The characteristics of the participants are summarized in Table I. There

Table I. Clinicodemographic Characteristics of Subjects

MT group non MT group
(n = 55) (n = 32)
Age (years) 84 ± 9 81 ± 7 NS
Sex (male/female) 20/35 12/20 NS
Cerebral vascular disease
Cerebral infarction
Lacuna infarction 26 13 NS
Non-lacuna infarction 22 13 NS
Cerebral hemorrhage 1 5 NS
Chronic subdural hematoma 1 0 NS
Subarachnoid hemorrhage 3 1 NS
Head injury 2 0 NS
Complication NS
Diabetes mellitus 6 8 NS
Hypertension 19 10 NS
Chronic heart failure 7 6 NS
Ca channel blocker 10 5 NS
β-blocker 4 0 NS
α-blocker 1 5 NS
Minor tranquilizer 16 7 NS
Mean ± SD
Vol 50
Table II. Results of HRV (MT group)
10:00-11:00 11:00-11:45 14:00-15:00
Mean RR (ms) 784 ± 119 802 ± 224 803 ± 103
rMSSD (ms) 17.4 ± 7.2 24.1 ± 15.5* 19.0 ± 8.7$
PNN50 (%) 2.1 ± 2.8 6.4 ± 10.7* 3.1 ± 4.5$
HF (ms2) 49 ± 36 108 ± 157* 68 ± 72
LF/HF 3.0 ± 2.9 2.4 ± 2.0 2.3 ± 1.5
P < 0.05 versus 10:00-11:00
P < 0.05 versus 11:00-11:45

Table III. Results of HRV (non-MT group)

10:00-11:00 11:00-11:45 14:00-15:00
Mean RR (ms) 799 ± 110 760 ± 102 750 ± 167
rMSSD (ms) 17.6 ± 6.7 18.4 ± 6.1 16.7 ± 5.5
PNN50 (%) 1.6 ± 2.1 1.9 ± 2.0 1.5 ± 1.9
HF (ms2) 59 ± 59 60 ± 51 43 ± 37
LF/HF 2.8 ± 1.5 3.8 ± 2.3 3.0 ± 2.2

Figure 1. Changes in mean RR. The mean RR did not change significantly in
either the MT group or non-MT group.

were no significant differences in age, gender, CVD manifestations, history of

DM, hypertension, or CHF, or medication use between the two groups. The
MT group received MT an average of 12 ± 2.8 times. Table II shows the HRV
parameters in the MT group before, during, and after MT. All parameters ex-
cept the LH: HF power ratio increased by 10% to 190% immediately after
MT and then decreased almost to pre-MT levels. Among the HRV parameters,
rMSSD, pNN50, and HF power increased by 40 to 190% (P < 0.05) after MT,
whereas the LH: HF power ratio decreased by 20% after MT (NS). Table III
Int Heart J
100 OKADA, ET AL January 2009

shows the HRV parameters in the non-MT group. Although the LH: HF power
ratio increased by 24 to 35% (NS), other parameters of parasympathetic activ-
ity remained relatively stable. The changes in LF power and LH: HF power
ratio around noon in the non-MT group might be accounted for by the proxim-
ity to lunch time and psychological effects associated with this. However, these
changes were not significant. Changes in the HRV parameters are also shown in
Figures 1 to 5.

Figure 2. Changes in rMSSD. RMSSD in the MT group increased significant-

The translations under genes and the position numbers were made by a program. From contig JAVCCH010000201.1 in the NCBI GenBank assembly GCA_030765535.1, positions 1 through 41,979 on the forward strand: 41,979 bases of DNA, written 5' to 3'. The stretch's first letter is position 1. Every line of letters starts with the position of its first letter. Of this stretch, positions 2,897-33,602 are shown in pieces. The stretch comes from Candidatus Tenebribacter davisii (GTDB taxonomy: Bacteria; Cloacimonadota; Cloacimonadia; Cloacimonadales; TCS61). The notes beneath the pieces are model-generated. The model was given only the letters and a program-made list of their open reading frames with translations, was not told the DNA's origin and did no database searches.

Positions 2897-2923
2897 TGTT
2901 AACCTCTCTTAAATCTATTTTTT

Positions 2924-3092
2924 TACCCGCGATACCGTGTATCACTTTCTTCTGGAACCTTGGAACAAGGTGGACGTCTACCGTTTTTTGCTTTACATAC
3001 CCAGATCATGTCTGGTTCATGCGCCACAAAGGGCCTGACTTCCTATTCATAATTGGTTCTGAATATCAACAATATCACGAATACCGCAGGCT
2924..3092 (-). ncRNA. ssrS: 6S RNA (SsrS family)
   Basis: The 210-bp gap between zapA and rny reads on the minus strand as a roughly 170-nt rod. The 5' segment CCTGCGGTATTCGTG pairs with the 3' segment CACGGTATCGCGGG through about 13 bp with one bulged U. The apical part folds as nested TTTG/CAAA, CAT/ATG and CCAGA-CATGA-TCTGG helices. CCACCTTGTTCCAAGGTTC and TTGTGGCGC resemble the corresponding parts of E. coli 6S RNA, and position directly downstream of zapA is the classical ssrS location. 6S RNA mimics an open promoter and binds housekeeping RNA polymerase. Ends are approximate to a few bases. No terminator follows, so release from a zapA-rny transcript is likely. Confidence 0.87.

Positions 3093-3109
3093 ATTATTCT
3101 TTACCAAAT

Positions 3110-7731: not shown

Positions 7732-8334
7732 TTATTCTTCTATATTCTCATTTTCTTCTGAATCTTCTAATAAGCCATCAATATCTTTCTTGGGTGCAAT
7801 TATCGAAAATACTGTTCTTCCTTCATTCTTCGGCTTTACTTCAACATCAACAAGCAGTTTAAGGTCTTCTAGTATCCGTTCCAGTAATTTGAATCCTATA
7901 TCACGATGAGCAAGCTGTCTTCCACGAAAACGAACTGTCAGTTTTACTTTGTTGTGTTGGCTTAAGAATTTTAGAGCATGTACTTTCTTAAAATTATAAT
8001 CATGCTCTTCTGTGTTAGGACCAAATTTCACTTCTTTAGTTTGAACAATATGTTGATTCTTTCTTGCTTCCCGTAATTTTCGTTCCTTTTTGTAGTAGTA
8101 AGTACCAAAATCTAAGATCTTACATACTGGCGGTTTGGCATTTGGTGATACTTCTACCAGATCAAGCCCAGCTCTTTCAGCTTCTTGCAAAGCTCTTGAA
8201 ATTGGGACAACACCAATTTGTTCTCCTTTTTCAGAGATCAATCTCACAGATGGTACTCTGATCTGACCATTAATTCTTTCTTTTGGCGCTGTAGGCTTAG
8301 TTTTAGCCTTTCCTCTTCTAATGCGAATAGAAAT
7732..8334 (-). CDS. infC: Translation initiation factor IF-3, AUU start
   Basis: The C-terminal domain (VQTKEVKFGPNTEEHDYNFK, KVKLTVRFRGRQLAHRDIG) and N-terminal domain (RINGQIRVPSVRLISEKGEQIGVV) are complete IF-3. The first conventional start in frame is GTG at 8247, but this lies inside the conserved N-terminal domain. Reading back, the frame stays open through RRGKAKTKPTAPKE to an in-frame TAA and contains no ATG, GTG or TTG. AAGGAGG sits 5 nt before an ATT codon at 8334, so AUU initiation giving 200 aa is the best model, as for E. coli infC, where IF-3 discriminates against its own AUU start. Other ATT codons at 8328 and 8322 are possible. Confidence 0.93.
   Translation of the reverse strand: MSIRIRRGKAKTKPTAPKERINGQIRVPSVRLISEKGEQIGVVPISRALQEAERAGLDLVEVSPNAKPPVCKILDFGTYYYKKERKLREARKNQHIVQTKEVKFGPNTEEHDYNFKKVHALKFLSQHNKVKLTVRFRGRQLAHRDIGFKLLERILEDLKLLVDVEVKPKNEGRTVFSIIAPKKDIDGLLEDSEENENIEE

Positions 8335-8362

ly from 17.4 ± 7.2 ms to 24.1 ± 15.5 (P < 0.05) during MT and decreased to
19.0 ± 8.7 after MT. There was no significant change in rMSSD over a similar
time period in patients who did not receive MT.

Figure 3. Changes in pNN50. PNN50 in the MT group increased significantly from 2.1
± 2.8% to 6.4 ± 10.7 (P < 0.05) during MT and decreased to 3.1 ± 4.5 after MT. There
was no significant change in pNN50 over a similar time period in patients who did not
receive MT. * P < 0.05
Vol 50

Figure 4. Changes in HF. HF in the MT group increased significantly from 49 ± 36

ms2 to 108 ± 157 (P < 0.05) during MT and decreased to 68 ± 72 after MT. There was
no significant change in HF over a similar time period in patients who did not receive
MT. * P < 0.05

Figure 5. Changes in LF: HF ratio. The LF: HF ratio in the MT group de-
creased from 3.0 ± 2.9 to 2.4 ± 2.0 during MT and decreased further to 2.3
± 1.5 after MT. There was no significant change in the LF:HF ratio over a
similar time period in patients who did not receive MT.

Figure 6 shows the plasma levels of the proinflammatory cytokines IL-6

(left) and TNF (right). Although plasma TNF levels did not differ significantly
between the MT and non-MT groups (8.99 ± 13.7 ng/mL versus 8.04 ± 12.46,
NS), the IL-6 level in the MT group was significantly lower than in the non-MT
group (7.38 ± 9.03 ng/mL versus 17.29 ± 14.90, P < 0.05). Figure 7 shows plas-
ma adrenaline (A) and noradrenaline (B) levels. Similarly, plasma adrenaline
and noradrenaline levels in the MT group were significantly lower than those in
the non-MT group (adrenaline: 15.33 ± 11.81 pg/mL versus 38.08 ± 20.03, P <
Int Heart J
102 OKADA, ET AL January 2009

Figure 6. Levels of the plasma proinflammatory cytokines IL-6 (A) and TNF

0.05, noradrenaline:. 315.08 ± 153.90 pg/mL versus 496.08 ± 344.89, P < 0.01).
Since CHF is the one of the most frequent causes of death in elderly peo-
ple, we investigated acute heart failure events and also exacerbation rates of
chronic CHF in both groups. Figure 8 shows the frequency of acute CHF events
and exacerbations of chronic CHF during the follow-up period in our hospital in
both groups. The incidences of both acute CHF events and acute exacerbations
of chronic CHF were significantly lower in the MT group than in the non-MT
group (10.9% versus 34.4%, P < 0.05).
Vol 50

Figure 7. Plasma adrenaline (A) and noradrenaline (B) levels.

The present findings suggest that the HRV parameters indicating para-